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Saturday, Nov 16, 2019

A Rs 20-crore push to revive 100 hectares of floodplains

The 100 hectares being restored include the 25 hectares where the World Culture Festival was held by the Art of Living Foundation in 2016. Art of Living officials did not respond HT’s queries for a comment.

delhi Updated: Sep 18, 2019 01:34 IST
Risha Chitlangia and Joydeep Thakur
Risha Chitlangia and Joydeep Thakur
New Delhi
The ecological zone will be a 20-25 metre-wide stretch of marsh area along the river and will have floodplain forests and nature trails.
The ecological zone will be a 20-25 metre-wide stretch of marsh area along the river and will have floodplain forests and nature trails. (HT FILE)
         

Delhi Development Authority (DDA) has initiated the process of restoring 100 hectares of the Yamuna floodplains. Its plan comprises the construction of walkways and cycle tracks, development of multiple wetlands, nurseries and a green buffer, up to 300 metres, along the river.

Bids for the Rs 20crore-project are being evaluated and work will be awarded by October, officials said.

DDA vice-chairman Tarun Kapoor said, “We have divided the project into 10 packages. We have taken a bigger area, which includes the site given to Art of Living. The 100-hectare area between National Highway-24 (Barapullah flyover) and DND Flyway will be developed in a time-bound manner.”

The 100 hectares being restored include the 25 hectares where the World Culture Festival was held by the Art of Living Foundation in 2016. Art of Living officials did not respond HT’s queries for a comment.

The proposed site, a senior DDA official said, has been divided into four zones — ecological, human-nature interaction, public recreation and eco-urban linkage.

The ecological zone will be a 20-25 metre-wide stretch of marsh area along the river and will have floodplain forests and nature trails. “The existing wetlands in this area will be deepened and will serve as catchment wetlands,” a DDA official said.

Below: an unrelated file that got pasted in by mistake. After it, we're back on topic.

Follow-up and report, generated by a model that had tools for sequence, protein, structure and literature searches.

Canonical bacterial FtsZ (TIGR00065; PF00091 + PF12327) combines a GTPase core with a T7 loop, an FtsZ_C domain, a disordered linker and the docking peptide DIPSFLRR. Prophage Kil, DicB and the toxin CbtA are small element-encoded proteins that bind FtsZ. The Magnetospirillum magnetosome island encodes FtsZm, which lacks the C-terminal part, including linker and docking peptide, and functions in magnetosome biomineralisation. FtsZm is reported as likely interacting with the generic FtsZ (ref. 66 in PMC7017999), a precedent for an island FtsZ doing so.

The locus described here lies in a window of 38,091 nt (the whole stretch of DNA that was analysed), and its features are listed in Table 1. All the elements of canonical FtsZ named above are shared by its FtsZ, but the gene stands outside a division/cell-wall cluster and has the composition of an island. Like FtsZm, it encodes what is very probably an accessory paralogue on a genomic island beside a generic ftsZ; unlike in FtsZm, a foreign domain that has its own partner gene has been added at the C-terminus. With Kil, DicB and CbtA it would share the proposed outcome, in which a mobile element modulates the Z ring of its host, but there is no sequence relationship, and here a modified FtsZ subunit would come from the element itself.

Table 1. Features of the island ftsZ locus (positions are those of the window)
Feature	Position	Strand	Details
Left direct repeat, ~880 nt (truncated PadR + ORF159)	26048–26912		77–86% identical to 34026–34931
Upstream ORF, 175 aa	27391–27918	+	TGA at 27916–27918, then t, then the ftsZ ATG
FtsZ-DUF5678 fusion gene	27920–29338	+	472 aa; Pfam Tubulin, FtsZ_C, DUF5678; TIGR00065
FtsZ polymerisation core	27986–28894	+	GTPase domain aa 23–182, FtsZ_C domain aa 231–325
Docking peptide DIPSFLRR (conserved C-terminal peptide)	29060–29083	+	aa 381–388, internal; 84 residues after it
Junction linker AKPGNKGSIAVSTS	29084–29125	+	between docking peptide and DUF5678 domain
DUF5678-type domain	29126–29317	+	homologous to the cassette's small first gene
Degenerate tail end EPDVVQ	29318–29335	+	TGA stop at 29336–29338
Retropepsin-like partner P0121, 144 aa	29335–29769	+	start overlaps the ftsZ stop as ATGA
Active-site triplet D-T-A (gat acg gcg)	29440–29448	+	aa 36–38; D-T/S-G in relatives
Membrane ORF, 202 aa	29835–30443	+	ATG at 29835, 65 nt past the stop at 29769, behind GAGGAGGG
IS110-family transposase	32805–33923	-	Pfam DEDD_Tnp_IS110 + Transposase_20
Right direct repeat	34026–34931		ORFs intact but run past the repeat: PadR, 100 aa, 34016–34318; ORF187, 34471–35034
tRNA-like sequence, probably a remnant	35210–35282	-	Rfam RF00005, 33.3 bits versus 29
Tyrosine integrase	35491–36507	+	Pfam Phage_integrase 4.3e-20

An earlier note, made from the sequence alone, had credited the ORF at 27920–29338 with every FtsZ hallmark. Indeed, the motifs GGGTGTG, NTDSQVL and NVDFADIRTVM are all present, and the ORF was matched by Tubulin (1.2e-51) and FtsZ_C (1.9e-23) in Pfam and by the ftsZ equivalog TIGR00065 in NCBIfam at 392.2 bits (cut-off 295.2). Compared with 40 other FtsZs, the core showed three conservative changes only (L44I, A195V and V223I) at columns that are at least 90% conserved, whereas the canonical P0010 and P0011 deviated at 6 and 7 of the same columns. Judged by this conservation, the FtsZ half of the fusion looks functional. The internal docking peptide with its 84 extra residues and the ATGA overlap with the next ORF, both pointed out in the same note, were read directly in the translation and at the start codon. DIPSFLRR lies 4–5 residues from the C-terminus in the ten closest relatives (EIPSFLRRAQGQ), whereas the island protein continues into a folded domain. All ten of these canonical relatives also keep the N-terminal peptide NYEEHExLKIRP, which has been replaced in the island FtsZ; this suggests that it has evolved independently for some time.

In the human-nature interactive and public recreation zones, the DDA plans to develop large lawns that can be used as congregational spaces for yoga and meditation. It will have water bodies with bridges, a viewing tower or deck and shelters made of bamboo. It will also have multi-purpose trails for cycling and walking.

DDA officials said the eco-urban linkage zone will be
developed along the eastern marginal bund and will have seating spaces.

According to senior DDA official, “Close to 6,000 trees and 20,000 shrubs will be planted in the 100-hectare area and the entire work is likely to be completed within six months.”

Last week, Delhi’s Lieutenant Governor Anil Baijal reviewed the entire Yamuna redevelopment plan.

The Art of Living had paid ₹5 crore to the DDA for the restoration of the 25-hectare area, on the order of the National Green Tribunal (NGT). DDA officials say that fencing of the 25 hectares has been done and plantation work is in progress.

Experts and activists, however, said that the primary focus of the DDA should be on reviving and rejuvenating the floodplains. “The primary focus should be on the rejuvenation of the floodplains and not on fancy things. The court had directed that the floodplains should be rejuvenated and this can only be done when the debris that
was left behind is first, physically removed,” said Manoj Misra, convener of Yamuna Jiye Abhiyan.

Earlier this week, the NGT has also asked the DDA to demarcate the entire floodplains within three months and fence it within another three months before converting the areas into biodiversity parks. The green court also directed the landowning agency to ensure that fruit and vegetable farming on the floodplains is stopped by April 2020, failing which it will be penalised.